For 2012’s inaugural installment of “Evergreen homes” — a monthly series of posts in which I break out the geographical bias and spotlight green residential building projects from my home state of Washington — I’m featuring the Thomas Eco-House, a doozy of a home located north of Seattle on a woodsy, 11-acre lot in the Snohomish County town of Stanwood.


The sleek, modern Thomas Eco-House, designed by Dan Nelson along with Matt Radach of Designs Northwest Architects (the latter recently was honored with a Young Architects Award from the Northwest Washington chapter of the American Institute of Architects for his role in the project), qualifies for doozy status not just because, as you can probably see in the below photos, there’s a fire pole connecting the main living area and the upstairs sleeping areas.


Perhaps the most notable feature of this 2009 project (first noticed over at Contemporist) is its insulated concrete form (ICF) construction, an energy-efficient framing method also employed by the team behind a past “Evergreen home,” Tacoma's Verdant Home. In the case of the Thomas Eco-House, these energy-efficient, airtight walls result in a 44 percent reduction of required heating energy and a 33 percent reduction of required cooling energy compared to wood frame houses of a similar size.


The sustainable features of the Thomas Eco-House don’t just stop at the concrete walls and floors. The inhabitants of this four-story family home enjoy additional energy savings thanks to a geothermal heat pump that’s tied into a high-efficiency hydronic heating system that uses 30 percent less energy than equivalent forced-air systems. 
Additionally, the home was designed to take full advantage of passive solar gain. A massive bank of windows on the southern exposure allow ample sunlight — somewhat of a rarity eight months of the year in this part of the world — to flood the interior and heat the home (there are mechanized solar shades to mitigate excess solar gain on days when the sunlight is too much). The polished concrete floors collect heat gain during the day and distribute it through the evening while the home’s main stairway features an observation space with operable glass walls and windows at the very top — dubbed “The Bubble” — that acts as a solar chimney, naturally ventilating the home by drawing warm air up and out of the home.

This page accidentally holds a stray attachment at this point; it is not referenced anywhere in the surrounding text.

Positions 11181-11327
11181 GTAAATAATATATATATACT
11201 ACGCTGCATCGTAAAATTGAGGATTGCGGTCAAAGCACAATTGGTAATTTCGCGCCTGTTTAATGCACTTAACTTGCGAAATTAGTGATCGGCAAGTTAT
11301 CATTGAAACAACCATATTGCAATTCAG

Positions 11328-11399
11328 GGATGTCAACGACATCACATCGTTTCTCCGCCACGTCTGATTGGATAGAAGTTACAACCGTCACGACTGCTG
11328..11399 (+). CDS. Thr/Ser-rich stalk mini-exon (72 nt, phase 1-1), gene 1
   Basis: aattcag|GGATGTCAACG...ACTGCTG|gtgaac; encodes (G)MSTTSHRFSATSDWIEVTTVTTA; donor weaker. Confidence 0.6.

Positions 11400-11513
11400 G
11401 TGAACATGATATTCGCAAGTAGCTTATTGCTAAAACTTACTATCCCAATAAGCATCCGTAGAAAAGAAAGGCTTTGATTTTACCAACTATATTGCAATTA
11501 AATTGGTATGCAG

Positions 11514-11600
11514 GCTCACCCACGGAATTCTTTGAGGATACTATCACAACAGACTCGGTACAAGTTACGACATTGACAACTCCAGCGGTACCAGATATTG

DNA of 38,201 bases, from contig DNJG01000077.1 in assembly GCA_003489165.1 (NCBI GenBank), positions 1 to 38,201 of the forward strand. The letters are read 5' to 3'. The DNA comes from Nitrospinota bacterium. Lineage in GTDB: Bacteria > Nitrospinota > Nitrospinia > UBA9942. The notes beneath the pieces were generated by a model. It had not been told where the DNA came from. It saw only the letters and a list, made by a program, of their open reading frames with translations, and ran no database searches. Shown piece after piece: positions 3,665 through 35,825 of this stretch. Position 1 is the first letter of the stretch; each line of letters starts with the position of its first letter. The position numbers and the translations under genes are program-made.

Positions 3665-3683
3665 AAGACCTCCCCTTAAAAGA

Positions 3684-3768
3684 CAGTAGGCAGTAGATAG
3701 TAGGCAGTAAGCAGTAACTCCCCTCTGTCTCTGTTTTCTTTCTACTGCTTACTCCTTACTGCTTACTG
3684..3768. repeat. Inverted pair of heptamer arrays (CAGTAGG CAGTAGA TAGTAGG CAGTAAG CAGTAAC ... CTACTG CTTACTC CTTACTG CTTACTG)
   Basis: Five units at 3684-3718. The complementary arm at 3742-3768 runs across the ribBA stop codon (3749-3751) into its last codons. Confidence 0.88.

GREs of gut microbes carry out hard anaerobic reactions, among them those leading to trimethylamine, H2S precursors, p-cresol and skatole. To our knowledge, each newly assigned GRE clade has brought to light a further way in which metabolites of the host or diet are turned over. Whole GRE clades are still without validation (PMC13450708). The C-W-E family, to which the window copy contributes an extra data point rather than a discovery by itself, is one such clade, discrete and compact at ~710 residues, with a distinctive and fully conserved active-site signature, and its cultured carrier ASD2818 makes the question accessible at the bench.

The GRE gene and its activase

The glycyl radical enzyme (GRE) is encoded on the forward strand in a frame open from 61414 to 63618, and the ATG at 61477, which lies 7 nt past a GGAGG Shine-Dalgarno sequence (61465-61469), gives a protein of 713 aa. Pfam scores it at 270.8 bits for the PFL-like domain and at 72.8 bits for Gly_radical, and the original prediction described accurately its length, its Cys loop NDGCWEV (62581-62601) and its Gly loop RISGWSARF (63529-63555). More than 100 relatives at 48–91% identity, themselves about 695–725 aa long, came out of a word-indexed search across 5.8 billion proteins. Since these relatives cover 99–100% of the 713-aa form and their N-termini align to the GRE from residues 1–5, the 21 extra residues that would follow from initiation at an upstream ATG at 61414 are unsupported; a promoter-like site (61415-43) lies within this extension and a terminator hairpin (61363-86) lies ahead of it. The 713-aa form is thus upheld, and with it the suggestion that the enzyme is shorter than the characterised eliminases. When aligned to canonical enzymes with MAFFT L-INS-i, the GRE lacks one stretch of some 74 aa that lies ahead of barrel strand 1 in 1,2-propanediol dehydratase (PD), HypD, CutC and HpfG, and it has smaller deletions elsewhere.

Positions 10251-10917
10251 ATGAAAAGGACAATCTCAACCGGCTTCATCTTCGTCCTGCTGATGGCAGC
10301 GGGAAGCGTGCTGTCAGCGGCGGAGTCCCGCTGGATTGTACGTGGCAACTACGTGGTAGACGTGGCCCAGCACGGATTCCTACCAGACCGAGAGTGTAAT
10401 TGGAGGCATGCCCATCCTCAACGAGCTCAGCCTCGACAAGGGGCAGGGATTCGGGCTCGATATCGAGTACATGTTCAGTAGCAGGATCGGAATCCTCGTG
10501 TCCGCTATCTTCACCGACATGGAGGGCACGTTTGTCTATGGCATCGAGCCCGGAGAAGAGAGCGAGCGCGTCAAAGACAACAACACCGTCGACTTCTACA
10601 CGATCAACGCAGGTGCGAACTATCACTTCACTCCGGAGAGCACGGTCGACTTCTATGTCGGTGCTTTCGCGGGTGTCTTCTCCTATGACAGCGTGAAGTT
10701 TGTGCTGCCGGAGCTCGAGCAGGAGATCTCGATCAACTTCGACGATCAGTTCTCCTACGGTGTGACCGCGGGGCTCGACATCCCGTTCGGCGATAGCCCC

Other sustainable features of the Thomas Eco-House include a rainwater collection system for irrigation purposes, native landscaping, and the capability to hook up to renewable energy systems such as rooftop solar photovoltaics or a personal wind turbine. 
And like many past “Evergreen homes,” the Thomas Eco-House is all about the killer views. Perched on the crest of a hill, the home boasts views of Mt. Rainer and Everett to the south along with the densely forested surrounding Cascade foothills. The roof deck, the “Bubble” observation space, and the open-planned main floor (living area/dining area/kitchen) with its floor-to-ceiling windows are all primo places to soak in these dramatic Pacific Northwest views. 
Passive solar design, thermal massing, ICF construction, geothermal heating, lovely views, and a fire pole ... I don't think you could ask much more of a true "Evergreen home."
Is there a notable green residential building project in Washington that you'd liked to see featured in an upcoming installment of "Evergreen Homes?"
Past "Evergreen homes":
Green Roof House (Seattle)
• Verdant Home (Tacoma)
 The Sentinel (Seattle)

• Zhome (Isaquaah)

• EnviroHouse (Tacoma)

• The Method Cabin (Glacier)

• The Boneyard House (Walla Walla) 

• Natural Balance House (Friday Harbor)

• Art Stable (Seattle)

• Hale-Edmonds Residence (Seattle) 

• Hill House (Winthrop)

• Footprint at the Bridge (Seattle)

• GreenFab prefab home (Seattle)

• Perilstein and Dorsey Residences (Bainbridge Island)

• The Ellis Residence (Bainbridge Island)

• The Pierre (San Juan Islands)

• Davis Residence (Bellingham)

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